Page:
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Privatizing Social Security

Author

Listed:
  • Thomas Cooley

    (University of Rochester)

  • Jorge Soares

    (George Washington University)

Abstract

This paper studies the political sustainability of the existing pay-as-you-go social security system in the face of recent demographic patterns. We analyze different approaches to privatizing the system and consider what it would require for them to be politically implementable. The analysis is based on an overlapping generations economy where an initial generation would choose to implement a pay-as-you-go social insurance system. We study the sustainability of this system in each subsequent period. We describe some transitions policies that make the current generations of agents at least as well off as the maintenance of the social security system. All feasible transition policies use debt to finance the benefits during the transition period shifting at least some of the cost to unborn generations. (Copyright: Elsevier)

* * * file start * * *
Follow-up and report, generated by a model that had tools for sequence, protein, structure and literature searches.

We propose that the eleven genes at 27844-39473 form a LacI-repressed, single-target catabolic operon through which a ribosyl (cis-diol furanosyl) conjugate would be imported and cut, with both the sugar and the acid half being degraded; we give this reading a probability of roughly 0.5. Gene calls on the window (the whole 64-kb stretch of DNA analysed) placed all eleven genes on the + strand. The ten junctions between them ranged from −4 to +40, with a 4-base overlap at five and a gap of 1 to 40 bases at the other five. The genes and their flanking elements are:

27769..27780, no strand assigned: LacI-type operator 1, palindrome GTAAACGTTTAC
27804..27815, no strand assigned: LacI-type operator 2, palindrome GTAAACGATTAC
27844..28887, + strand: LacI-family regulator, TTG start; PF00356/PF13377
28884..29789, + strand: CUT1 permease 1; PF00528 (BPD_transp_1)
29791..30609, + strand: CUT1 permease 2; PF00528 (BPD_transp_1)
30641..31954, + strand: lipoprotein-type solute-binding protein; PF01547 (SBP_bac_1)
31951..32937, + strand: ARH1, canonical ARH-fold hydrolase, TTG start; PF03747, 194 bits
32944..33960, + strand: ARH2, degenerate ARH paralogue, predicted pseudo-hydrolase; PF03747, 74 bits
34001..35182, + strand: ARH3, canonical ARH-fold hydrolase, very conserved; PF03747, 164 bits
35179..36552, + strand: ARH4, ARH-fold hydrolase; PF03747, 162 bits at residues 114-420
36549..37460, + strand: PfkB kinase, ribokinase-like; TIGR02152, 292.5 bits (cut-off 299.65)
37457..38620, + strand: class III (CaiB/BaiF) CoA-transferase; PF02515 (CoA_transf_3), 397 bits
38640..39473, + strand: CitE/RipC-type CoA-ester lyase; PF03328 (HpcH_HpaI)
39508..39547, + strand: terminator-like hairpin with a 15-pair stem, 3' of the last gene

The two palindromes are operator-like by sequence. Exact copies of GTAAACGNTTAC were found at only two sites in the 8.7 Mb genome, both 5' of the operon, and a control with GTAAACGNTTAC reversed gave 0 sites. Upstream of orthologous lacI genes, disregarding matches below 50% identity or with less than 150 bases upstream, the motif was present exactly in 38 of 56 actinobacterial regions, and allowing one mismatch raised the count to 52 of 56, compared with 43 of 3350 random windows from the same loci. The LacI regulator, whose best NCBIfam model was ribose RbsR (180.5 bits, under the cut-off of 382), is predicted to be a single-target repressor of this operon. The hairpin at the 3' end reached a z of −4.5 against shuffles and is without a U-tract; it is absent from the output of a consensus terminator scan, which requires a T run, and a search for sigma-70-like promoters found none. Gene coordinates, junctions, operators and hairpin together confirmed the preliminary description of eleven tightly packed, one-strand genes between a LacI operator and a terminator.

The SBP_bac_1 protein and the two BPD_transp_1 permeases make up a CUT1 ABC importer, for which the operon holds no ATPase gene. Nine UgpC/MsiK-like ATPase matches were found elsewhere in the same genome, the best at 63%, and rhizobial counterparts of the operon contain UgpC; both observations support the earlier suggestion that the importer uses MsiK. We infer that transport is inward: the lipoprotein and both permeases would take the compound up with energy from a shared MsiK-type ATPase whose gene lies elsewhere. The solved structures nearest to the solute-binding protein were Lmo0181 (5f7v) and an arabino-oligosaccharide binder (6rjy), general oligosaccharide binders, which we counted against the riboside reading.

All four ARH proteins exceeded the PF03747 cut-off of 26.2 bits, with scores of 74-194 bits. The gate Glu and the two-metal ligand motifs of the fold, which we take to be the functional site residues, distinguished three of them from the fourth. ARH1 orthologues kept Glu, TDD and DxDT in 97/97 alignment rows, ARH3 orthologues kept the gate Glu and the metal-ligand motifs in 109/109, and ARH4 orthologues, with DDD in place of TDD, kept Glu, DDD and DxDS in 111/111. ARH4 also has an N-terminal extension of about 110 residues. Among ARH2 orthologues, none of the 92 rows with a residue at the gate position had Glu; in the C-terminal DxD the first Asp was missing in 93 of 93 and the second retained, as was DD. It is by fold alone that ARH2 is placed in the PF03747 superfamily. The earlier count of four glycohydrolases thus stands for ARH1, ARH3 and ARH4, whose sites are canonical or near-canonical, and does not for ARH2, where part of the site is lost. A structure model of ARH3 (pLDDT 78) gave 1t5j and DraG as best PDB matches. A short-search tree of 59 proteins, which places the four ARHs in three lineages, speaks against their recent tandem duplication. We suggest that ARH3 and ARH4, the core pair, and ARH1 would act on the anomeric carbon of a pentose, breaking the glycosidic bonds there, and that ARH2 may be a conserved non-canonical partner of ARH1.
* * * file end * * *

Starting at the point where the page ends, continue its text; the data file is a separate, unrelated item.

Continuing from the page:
Suggested Citation

  • Thomas Cooley & Jorge Soares, 1999. "Privatizing Social Security," Review of Economic Dynamics, Elsevier for the Society for Economic Dynamics, vol. 2(3), pages 731-755, July.
  • Handle: RePEc:red:issued:v:2:y:1999:i:3:p:731-755
    DOI: 10.1006/redy.1999.0069
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    References listed on IDEAS

    as
    1. Thomas F. Cooley & Jorge Soares, 1999. "A Positive Theory of Social Security Based on Reputation," Journal of Political Economy, University of Chicago Press, vol. 107(1), pages 135-160, February.
    2. Lars Peter Hansen & Thomas J. Sargent, 1993. "Recursive linear models of dynamic economies," Proceedings, Federal Reserve Bank of San Francisco, issue Mar.
    3. TallariniJr., Thomas D., 2000. "Risk-sensitive real business cycles," Journal of Monetary Economics, Elsevier, vol. 45(3), pages 507-532, June.
    4. David E. Altig & Jagadeesh Gokhale, 1997. "Social Security privatization: a simple proposal," Working Papers (Old Series) 9703, Federal Reserve Bank of Cleveland.
    5. Joines, Douglas H, 1981. "Estimates of Effective Marginal Tax Rates on Factor Incomes," The Journal of Business, University of Chicago Press, vol. 54(2), pages 191-226, April.
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